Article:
Balicudiong-Asican v. Kane

Filing 13

REPORT AND RECOMMENDATION re 1 Petition for Writ of Habeas Corpus : Recommending that the Petition for Writ of Habeas Corpus be denied and dismissed with prejudice. Signed by Magistrate Judge Michelle H Burns on 08/13/09. (ESL, )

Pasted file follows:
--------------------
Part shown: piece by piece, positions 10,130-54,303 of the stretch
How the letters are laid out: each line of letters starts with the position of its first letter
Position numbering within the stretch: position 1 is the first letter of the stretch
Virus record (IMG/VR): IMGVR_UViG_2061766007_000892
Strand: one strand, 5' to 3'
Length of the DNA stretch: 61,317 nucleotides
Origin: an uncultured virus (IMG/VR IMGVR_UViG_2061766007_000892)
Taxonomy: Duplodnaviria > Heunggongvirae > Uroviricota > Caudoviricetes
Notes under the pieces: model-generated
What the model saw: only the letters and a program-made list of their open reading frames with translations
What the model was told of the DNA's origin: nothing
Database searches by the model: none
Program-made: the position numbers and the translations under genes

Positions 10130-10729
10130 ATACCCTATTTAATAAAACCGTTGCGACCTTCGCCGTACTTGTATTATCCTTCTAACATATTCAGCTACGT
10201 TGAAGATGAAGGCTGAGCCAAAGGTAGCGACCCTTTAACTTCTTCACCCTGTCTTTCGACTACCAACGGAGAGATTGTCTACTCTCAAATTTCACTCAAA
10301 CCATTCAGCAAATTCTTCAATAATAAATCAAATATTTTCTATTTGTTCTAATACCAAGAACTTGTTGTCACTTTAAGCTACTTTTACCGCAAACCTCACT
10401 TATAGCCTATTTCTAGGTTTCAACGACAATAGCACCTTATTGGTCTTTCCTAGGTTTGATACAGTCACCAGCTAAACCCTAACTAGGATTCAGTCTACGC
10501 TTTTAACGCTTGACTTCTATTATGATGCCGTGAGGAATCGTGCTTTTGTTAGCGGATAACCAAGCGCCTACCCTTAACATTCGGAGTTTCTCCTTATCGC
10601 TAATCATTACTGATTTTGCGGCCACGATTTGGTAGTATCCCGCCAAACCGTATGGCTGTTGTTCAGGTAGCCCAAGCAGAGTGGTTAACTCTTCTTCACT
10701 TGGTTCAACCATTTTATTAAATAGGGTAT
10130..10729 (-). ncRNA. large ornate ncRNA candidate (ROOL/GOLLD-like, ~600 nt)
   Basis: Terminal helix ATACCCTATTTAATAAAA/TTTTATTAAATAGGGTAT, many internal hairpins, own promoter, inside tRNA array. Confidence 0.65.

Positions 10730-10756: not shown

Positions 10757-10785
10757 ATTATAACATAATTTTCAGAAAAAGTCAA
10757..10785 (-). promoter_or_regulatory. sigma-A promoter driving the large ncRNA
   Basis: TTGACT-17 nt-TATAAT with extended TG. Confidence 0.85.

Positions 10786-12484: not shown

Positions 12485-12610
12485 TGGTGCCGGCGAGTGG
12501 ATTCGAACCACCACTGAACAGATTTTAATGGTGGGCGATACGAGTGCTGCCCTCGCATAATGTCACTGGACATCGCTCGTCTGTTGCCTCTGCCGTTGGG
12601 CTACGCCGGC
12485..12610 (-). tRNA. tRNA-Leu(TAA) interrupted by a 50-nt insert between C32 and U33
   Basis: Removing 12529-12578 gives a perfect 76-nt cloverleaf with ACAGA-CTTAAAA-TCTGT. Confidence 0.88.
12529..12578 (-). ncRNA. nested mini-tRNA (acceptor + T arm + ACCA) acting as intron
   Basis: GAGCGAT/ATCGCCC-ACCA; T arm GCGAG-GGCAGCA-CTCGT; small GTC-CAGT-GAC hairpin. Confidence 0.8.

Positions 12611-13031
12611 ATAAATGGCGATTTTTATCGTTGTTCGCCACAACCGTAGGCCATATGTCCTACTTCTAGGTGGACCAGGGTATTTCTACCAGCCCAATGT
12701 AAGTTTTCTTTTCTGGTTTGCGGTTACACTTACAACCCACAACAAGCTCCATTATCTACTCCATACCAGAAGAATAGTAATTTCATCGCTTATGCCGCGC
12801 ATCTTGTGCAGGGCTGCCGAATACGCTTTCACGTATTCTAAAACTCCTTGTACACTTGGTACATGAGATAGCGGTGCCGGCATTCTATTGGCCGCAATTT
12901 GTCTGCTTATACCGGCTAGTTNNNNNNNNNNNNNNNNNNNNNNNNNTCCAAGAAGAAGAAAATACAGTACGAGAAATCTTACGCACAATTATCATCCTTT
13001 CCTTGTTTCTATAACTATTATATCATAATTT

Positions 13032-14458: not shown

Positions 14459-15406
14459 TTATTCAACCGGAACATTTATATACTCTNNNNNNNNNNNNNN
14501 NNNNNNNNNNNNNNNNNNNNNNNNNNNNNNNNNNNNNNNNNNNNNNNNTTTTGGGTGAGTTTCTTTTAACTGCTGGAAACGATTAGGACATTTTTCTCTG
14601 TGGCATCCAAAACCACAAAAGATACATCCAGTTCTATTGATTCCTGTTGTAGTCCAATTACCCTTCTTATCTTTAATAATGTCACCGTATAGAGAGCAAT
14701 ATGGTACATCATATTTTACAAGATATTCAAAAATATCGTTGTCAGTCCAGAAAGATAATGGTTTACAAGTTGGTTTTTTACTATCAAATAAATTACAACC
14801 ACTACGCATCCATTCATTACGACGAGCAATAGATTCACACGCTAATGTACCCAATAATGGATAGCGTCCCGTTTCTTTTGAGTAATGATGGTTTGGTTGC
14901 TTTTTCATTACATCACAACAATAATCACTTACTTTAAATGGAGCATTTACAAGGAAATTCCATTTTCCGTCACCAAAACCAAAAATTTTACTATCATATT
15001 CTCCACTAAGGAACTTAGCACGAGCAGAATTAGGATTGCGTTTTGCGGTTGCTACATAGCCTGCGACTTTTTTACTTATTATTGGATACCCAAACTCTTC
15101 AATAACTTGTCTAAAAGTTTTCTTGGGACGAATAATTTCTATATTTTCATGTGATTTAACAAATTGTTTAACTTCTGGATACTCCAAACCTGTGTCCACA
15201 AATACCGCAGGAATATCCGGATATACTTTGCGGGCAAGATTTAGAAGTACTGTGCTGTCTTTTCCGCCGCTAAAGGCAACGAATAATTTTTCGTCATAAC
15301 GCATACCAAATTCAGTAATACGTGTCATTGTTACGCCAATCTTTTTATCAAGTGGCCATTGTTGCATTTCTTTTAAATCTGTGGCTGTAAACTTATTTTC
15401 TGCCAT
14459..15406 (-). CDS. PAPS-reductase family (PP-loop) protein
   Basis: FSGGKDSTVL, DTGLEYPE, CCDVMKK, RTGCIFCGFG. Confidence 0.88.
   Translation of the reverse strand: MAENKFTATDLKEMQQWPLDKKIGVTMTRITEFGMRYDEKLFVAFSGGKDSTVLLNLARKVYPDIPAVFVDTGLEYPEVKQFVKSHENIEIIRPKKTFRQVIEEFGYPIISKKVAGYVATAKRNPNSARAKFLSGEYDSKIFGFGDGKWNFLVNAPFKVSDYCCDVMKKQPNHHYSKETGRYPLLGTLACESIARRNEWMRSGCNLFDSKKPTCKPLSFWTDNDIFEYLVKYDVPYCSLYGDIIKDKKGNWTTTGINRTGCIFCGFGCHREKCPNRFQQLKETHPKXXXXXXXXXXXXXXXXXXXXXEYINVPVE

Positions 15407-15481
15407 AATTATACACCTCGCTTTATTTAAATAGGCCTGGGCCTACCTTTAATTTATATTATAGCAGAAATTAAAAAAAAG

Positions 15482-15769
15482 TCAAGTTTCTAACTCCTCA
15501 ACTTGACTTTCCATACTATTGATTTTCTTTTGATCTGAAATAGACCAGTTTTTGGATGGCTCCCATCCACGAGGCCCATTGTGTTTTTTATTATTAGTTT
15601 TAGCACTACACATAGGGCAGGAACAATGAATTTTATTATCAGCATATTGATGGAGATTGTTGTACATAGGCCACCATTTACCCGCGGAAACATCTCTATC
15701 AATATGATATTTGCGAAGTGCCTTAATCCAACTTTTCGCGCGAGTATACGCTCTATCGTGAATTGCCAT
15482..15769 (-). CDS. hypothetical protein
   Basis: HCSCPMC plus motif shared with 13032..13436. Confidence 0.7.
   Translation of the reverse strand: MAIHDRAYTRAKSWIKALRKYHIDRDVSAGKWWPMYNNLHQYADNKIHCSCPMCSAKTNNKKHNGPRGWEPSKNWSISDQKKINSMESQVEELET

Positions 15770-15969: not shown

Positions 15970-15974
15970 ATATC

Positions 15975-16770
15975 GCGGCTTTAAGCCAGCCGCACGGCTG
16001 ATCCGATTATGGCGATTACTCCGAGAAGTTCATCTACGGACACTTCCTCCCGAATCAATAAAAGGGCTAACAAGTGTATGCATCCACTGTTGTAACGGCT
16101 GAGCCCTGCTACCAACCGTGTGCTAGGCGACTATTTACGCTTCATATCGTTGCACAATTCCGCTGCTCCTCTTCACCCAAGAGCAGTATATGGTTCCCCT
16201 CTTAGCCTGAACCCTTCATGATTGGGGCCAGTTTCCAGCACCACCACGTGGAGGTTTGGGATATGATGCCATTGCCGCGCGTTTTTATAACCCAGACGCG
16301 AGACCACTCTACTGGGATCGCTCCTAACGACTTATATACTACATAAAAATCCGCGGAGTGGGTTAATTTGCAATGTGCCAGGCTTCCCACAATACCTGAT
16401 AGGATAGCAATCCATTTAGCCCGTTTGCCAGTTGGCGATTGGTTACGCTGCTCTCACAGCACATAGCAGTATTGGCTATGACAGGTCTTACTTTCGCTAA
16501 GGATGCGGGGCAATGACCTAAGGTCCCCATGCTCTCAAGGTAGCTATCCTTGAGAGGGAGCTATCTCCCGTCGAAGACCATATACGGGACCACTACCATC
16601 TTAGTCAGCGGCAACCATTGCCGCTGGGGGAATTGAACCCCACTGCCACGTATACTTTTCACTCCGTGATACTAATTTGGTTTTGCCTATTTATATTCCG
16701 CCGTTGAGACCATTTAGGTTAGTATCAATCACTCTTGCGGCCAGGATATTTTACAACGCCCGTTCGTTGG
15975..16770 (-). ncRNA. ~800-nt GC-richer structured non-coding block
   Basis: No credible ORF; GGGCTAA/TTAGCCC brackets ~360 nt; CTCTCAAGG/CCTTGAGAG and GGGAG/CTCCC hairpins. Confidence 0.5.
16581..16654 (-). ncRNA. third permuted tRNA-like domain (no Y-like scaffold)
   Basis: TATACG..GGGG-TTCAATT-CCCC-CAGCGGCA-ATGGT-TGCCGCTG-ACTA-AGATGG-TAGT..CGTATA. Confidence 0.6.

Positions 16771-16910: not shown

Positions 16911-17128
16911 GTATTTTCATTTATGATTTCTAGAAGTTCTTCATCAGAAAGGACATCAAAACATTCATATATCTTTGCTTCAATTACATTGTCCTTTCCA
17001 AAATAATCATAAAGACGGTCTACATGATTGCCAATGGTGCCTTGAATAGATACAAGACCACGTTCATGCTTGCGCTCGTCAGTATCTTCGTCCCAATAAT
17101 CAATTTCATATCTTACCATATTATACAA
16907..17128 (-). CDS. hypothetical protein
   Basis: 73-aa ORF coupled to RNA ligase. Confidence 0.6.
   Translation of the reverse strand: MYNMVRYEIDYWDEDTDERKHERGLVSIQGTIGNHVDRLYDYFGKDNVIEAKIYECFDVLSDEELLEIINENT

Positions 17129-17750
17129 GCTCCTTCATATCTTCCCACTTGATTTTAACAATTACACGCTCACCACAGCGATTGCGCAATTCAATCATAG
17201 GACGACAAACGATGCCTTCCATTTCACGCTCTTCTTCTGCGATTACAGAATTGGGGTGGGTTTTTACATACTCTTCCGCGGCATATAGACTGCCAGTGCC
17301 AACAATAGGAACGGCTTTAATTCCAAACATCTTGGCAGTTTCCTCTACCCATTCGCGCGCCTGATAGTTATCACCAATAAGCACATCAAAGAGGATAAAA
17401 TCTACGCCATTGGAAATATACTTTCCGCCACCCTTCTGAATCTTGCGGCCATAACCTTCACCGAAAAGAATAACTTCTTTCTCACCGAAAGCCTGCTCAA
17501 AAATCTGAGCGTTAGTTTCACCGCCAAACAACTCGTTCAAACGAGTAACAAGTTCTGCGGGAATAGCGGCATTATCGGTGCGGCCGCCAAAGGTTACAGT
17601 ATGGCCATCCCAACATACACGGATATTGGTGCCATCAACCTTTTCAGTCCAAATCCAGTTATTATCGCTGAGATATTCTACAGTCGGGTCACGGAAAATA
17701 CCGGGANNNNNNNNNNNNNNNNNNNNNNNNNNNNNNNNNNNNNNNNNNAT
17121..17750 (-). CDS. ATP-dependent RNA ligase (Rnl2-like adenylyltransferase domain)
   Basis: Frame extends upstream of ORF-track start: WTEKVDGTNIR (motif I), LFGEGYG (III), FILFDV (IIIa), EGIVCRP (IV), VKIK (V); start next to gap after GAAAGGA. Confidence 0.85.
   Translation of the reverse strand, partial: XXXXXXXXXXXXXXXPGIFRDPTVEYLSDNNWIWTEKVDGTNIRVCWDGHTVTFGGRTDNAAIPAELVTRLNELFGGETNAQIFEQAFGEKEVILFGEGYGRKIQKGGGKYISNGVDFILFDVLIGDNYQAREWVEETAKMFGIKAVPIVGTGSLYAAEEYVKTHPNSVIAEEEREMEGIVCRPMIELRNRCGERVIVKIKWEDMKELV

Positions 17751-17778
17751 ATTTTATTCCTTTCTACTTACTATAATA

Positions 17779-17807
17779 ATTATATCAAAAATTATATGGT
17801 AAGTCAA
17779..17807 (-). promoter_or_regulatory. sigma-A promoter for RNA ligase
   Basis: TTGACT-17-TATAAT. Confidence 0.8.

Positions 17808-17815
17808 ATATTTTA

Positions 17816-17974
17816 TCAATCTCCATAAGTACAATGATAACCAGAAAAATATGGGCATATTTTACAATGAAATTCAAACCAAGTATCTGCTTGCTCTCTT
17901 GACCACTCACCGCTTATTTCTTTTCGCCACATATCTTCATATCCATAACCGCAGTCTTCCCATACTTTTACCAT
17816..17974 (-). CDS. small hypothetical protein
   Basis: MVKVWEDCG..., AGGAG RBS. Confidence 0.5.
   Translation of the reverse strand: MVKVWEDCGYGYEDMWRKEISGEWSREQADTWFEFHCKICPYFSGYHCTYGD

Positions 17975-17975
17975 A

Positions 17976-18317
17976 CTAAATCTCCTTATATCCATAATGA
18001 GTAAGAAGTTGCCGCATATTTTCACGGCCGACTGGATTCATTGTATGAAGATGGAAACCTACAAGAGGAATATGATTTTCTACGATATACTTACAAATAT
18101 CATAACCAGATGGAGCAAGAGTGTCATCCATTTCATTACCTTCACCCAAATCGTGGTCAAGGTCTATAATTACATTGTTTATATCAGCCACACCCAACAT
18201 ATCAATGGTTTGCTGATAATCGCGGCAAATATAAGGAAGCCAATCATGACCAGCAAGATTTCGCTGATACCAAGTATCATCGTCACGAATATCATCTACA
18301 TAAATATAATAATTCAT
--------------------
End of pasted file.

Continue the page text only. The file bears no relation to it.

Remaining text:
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1 2 3 4 5 6 7 8 9 10 11 12 13 14 15 16 17 18 19 20 21 22 23 24 25 26 27 28 vs. Katrina S. Kane, Respondent. Joselito Balicudiong-Asican, Petitioner, ) ) ) ) ) ) ) ) ) ) ) ) No. CIV-09-00018-PHX-DGC (MHB) REPORT AND RECOMMENDATION IN THE UNITED STATES DISTRICT COURT FOR THE DISTRICT OF ARIZONA TO THE HONORABLE DAVID G. CAMPBELL, U.S. DISTRICT JUDGE: On January 7, 2009, Petitioner Joselito Balicudiong-Asican filed a pro se petition for writ of habeas corpus pursuant to 28 U.S.C. § 2241, contending that his detention in immigration custody after an order of removal is unconstitutional (Doc. #1). On March 12, 2009, Respondent filed a Response (Doc.# 12). Despite being given an opportunity to do so, Petitioner has not filed a Reply. BACKGROUND A. Proceedings through stay of removal. Respondent is a native and citizen of the Philippines, and was admitted to the United States as an immigrant on April 12, 1989. (Doc. #12, Exh. 1.) On August 24, 1998, Petitioner was convicted in the Superior Court, State of California, County of San Joaquin, for the offense of Terrorist Threats, in violation of section 422 of the California Penal Code and sentenced to sixty days in jail. (Doc. #12, Exh. 2.) Petitioner was subsequently 1 2 3 4 5 6 7 8 9 10 11 12 13 14 15 16 17 18 19 20 21 22 23 24 25 26 27 28 convicted in the same court, on January 6, 2004, of the crime of Assault by Means of Force, in violation of section 245(A)(2) of the California Penal Code, and of the crime of Inflict Corporal Injury on Spouse or Cohabitant, in violation of section 273.5(a) of the California Penal Code, and was sentenced to ninety days for these offenses. (Doc. #12, Exh. 3.) On April 17, 2007, the government issued a Notice to Appear (NTA) charging Petitioner with removability under Immigration & Nationality Act ("INA"), 8 U.S.C. §1227(a)(2)(A)(ii), an alien convicted of two crimes involving moral turpitude not arising out of a single scheme of criminal misconduct and 8 U.S.C. §1227(a)(2)(E)(i), as an alien convicted of a crime of domestic violence. (Doc. #12, Exh. 4.) On June 11, 2007, the government served a Notice of Custody Determination, Form I-286 upon Petitioner detaining him without bond, because Petitioner is subject to mandatory detention pursuant to 8 U.S.C. 1226(c). (Doc. #12, Exh. 5.) On July 11, 2007, Petitioner appealed before an immigration judge ("IJ") for a bond hearing; the IJ found it had no jurisdiction to re-determine bond pursuant to INA §236. (Doc. #12, Exh. 6.) On February 22, 2008, the IJ ordered petitioner removed. (Doc. #12, Exh. 7.) On March 13, 2008, Petitioner filed a timely Notice of Appeal with the Board of Immigration Appeals. (Doc. #12, Exh. 8.) On May 16, 2008, the BIA affirmed the decision of the IJ. (Doc. #12, Exh. 9.) On June 5, 2008, Petiitoner filed a Petition for Review ("PFR") with the Court of Appeals for the Ninth Circuit, arguing that the government violated his due process rights because of ineffective interpretation. (Doc. #12, Exh. 10 at 4.) On October 1, 2008, the Ninth Circuit granted a stay of removal. (Doc. #12, Exh. 11, doc #7.) That stay remains in effect. Asican v. Mukasey, C.A. 08-72390. B. Proceedings after stay of removal. On September 8, 2008, Petitioner filed a request for a custody re-determination hearing pursuant to Casas-Castrillon v. DHS, 535 F.3d 942 (9th Cir. 2008). (Doc. #12, Exh. 12.) On September 12, 2008, Petitioner filed a motion to record the bond proceedings pursuant to Casas-Castrillon. (Doc. #12, Exh. 13.) -2- 1 2 3 4 5 6 7 8 9 10 11 12 13 14 15 16 17 18 19 20 21 22 23 24 25 26 27 28 On October 22, 2008, the government provided Petitioner with a Custody Status Review letter evaluating his custody status under INA 236(a), pursuant to Prieto-Romero v. Clark, 534 F.3d 1053 (9th Cir. 2008) and Casas-Castrillon, finding Petitioner to be a danger and declining to set bond. (Doc. #12, Exh. 14.) On December 9, 2008, the IJ held a new custody re-determination hearing, and after considering the representations of ICE and Petitioner denied relief, finding Petitioner to be a danger to the community and a flight risk. (Doc. #12, Exh. 15.) Both parties waived appeal. (Id.) ARGUMENT A. Petitioner's request for release or bond. Petitioner alleges that he "continues to be detained by the Bureau of Immigration and Customs Enforcement indefinitely despite not being classified or categorized as a person subject to mandatory detention under U.S.C. §1226(a) or U.S.C. §1226(c)." (Doc. #1 at 5.) Petitioner requested a bond hearing pursuant to Casas-Castrillon on August 9, 2008 (Doc. #12, Exh. 12). A custody status review was performed by an ICE deportation officer on October 22, 2008, who concluded as follows: Based on your criminal history noted above, you have failed to establish that you would not be a danger to the community. In addition, if your PFR is ultimately unsuccessful, your removal is reasonably foreseeable in that ICE is able to effectuate removals to the Philippines, and there are no known impediments to removal at this time. Thus, in light of the above, I have determined, in my discretion, that you will not be released from the custody of ICE at this time. In bond proceedings held on December 9, 2008, an IJ denied Petitioner's request for change in custody status after considering ICE's conclusion and Petitioner's representation, finding that Petitioner should be detained as a danger and flight risk. (Doc. #12, Exh.15.) Petitioner waived appeal of that decision to the BIA. (Id.) Petitioner is not entitled to review of that discretionary decision by this Court. Detention of aliens awaiting judicial review of their removal orders is governed by 8 U.S.C. 1226(a). Casas-Castrillon, 535 F.3d at 948. That section of the INA provides that: -3- 1 2 3 4 5 6 7 8 9 10 11 12 13 14 15 16 17 18 19 20 21 22 23 24 25 26 27 28 The Attorney General's discretionary judgment regarding the application of this section shall not be subject to review. No Court may set aside any action or decision by the Attorney General under this section regarding the detention or release of any alien or the grant, revocation or denial of bond or parole. The court in Casas-Castrillon construed 8 U.S.C. §1226(a) as "requiring the Attorney General to provide the alien" with an "individualized determination of his dangerousness or flight risk. . . ." Casas-Castrillon, 535 F.3d at 951 (emphasis in original). The court has not extended this right to custody review to judicial review of the discretionary determination. In any event, Petitioner has not raised a constitutional defect in the bond proceedings, and has not claimed that he was not afforded an "individualized determination of the governmental interest in his continued detention by a neutral decisionmaker." PrietoRomero, 534 F.3d at 1066. The record reflects that he was provided a bond hearing on December 4, 2008. The IJ denied his request for change in status. He was also afforded the opportunity to appeal that decision to the BIA, and elected not to do so. For these reasons, his request for release on bond should be denied. B. Petitioner's claim that his continued detention is unlawful. Petitioner argues that his continued detention is unlawful because it is "indefinite" in that his removal is not significantly likely to occur in the reasonably foreseeable future. (Doc. #1 at 4.) Petitioner has been in INS custody now for just over two years. The IJ's Order of Removal has been stayed, pursuant to Petitioner's request, by the Ninth Circuit Court of Appeals. In a recent Ninth Circuit decision, the court held, in facts almost identical to the facts of Petitioner's case, that 8 U.S.C. §1226(a) authorized the continued detention of Prieto-Romero, a Mexican citizen seeking review of his removal order. Prieto-Romero v. Clark, 534 F.3d at 1063-64. The court refused to read Nadarajah v. Gonzales, 443 F.3d 1069 (9th Cir. 2005) to hold that an alien's removal is not "reasonably foreseeable" simply because the exact date his detention will conclude is uncertain. Prieto-Romero, 534 F.3d at 1064. Rather, the court found that Prieto-Romero's removal had been delayed by his decision to seek judicial review, and that review has a final termination point, and that Prieto­Romero's detention therefore was not indefinite. Id. -4- 1 2 3 4 5 6 7 8 9 10 11 12 13 14 15 16 17 18 19 20 21 22 23 24 25 26 27 28 The court further rejected Prieto-Romero's contention that his detention was in violation of the constitutional concerns expressed in Zadvydas v. Davis, 533 U.S. 6787 (2001). In Zadvydas, the issue before the U.S. Supreme Court was whether or not aliens who had received a final order of removal could continue to be indefinitely detained under §1231(a)(6). Id. While Prieto-Romero, like Petitioner, was being detained under §1226(a), and not §1231(a)(6), the Ninth Circuit held that detention under either may not be indefinite. Prieto-Romero, 534 F.3d at 1062-63. Nevertheless, the court held that Prieto-Romero's continued detention was authorized: Although his removal has certainly been delayed by his pursuit of judicial review of his administratively final removal order, he is not stuck in a "removable-but-unremovable limbo," as the petitioners in Zadyvdas were. Here there is no evidence that Prieto-Romero is unremovable because the destination country will not accept him or his removal is barred by our own laws. To the contrary, the government introduced evidence showing that repatriations to Prieto-Romero's country of origin, Mexico, are routine and the government stands ready to remove Prieto-Romero as soon as judicial review is complete. Id, at 1063 (internal citations omitted). The court distinguished Zadyvdas further by noting that the removal of the aliens in that case was not reasonably foreseeable because no country would accept them. Id., at 1063-64. The court further placed the onus on the alien to demonstrate that he was unremovable in order for his detention to be considered indefinite. Id.; Diouf v. Mukasey, 542 F.3d 1222, (9th Cir. Sept. 18, 2008) (stating: "[i]n Prieto-Romero, [the Ninth Circuit] construed this [Zadvydas] language to require the alien to show that he would be unremovable even after the government defeated his petition for review." Petitioner has not demonstrated that he is unremovable. In the event the Ninth Circuit dismisses his Petition for Review, then ICE will complete its efforts to remove Petitioner to the Philippines. (Id.) Petitioner's continued detention is authorized. /// -5- 1 2 3 4 5 6 7 8 9 10 11 12 13 14 15 16 17 18 19 20 21 22 23 24 25 26 27 28 IT IS THEREFORE RECOMMENDED that Joselito Balicudiong-Asican's Petition for Writ of Habeas Corpus be DENIED and DISMISSED WITH PREJUDICE (Doc. #1). This recommendation is not an order that is immediately appealable to the Ninth Circuit Court of Appeals. Any notice of appeal pursuant to Rule 4(a)(1), Federal Rules of Appellate Procedure, should not be filed until entry of the district court's judgment. The parties shall have ten days from the date of service of a copy of this recommendation within which to file specific written objections with the Court. See 28 U.S.C. § 636(b)(1); 6(a), 6(e), Federal Rules of Civil Procedure. Thereafter, the parties have ten days within which to file a response to the objections. Failure timely to file objections to the Magistrate Judge's Report and Recommendation may result in the acceptance of the Report and Recommendation by the district court without further review. See United States v. ReynaTapia, 328 F.3d 1114, 1121 (9th Cir. 2003). Failure timely to file objections to any factual determinations of the Magistrate Judge will be considered a waiver of a party's right to appellate review of the findings of fact in an order or judgment entered pursuant to the Magistrate Judge's recommendation. DATED this 13th day of August, 2009. -6-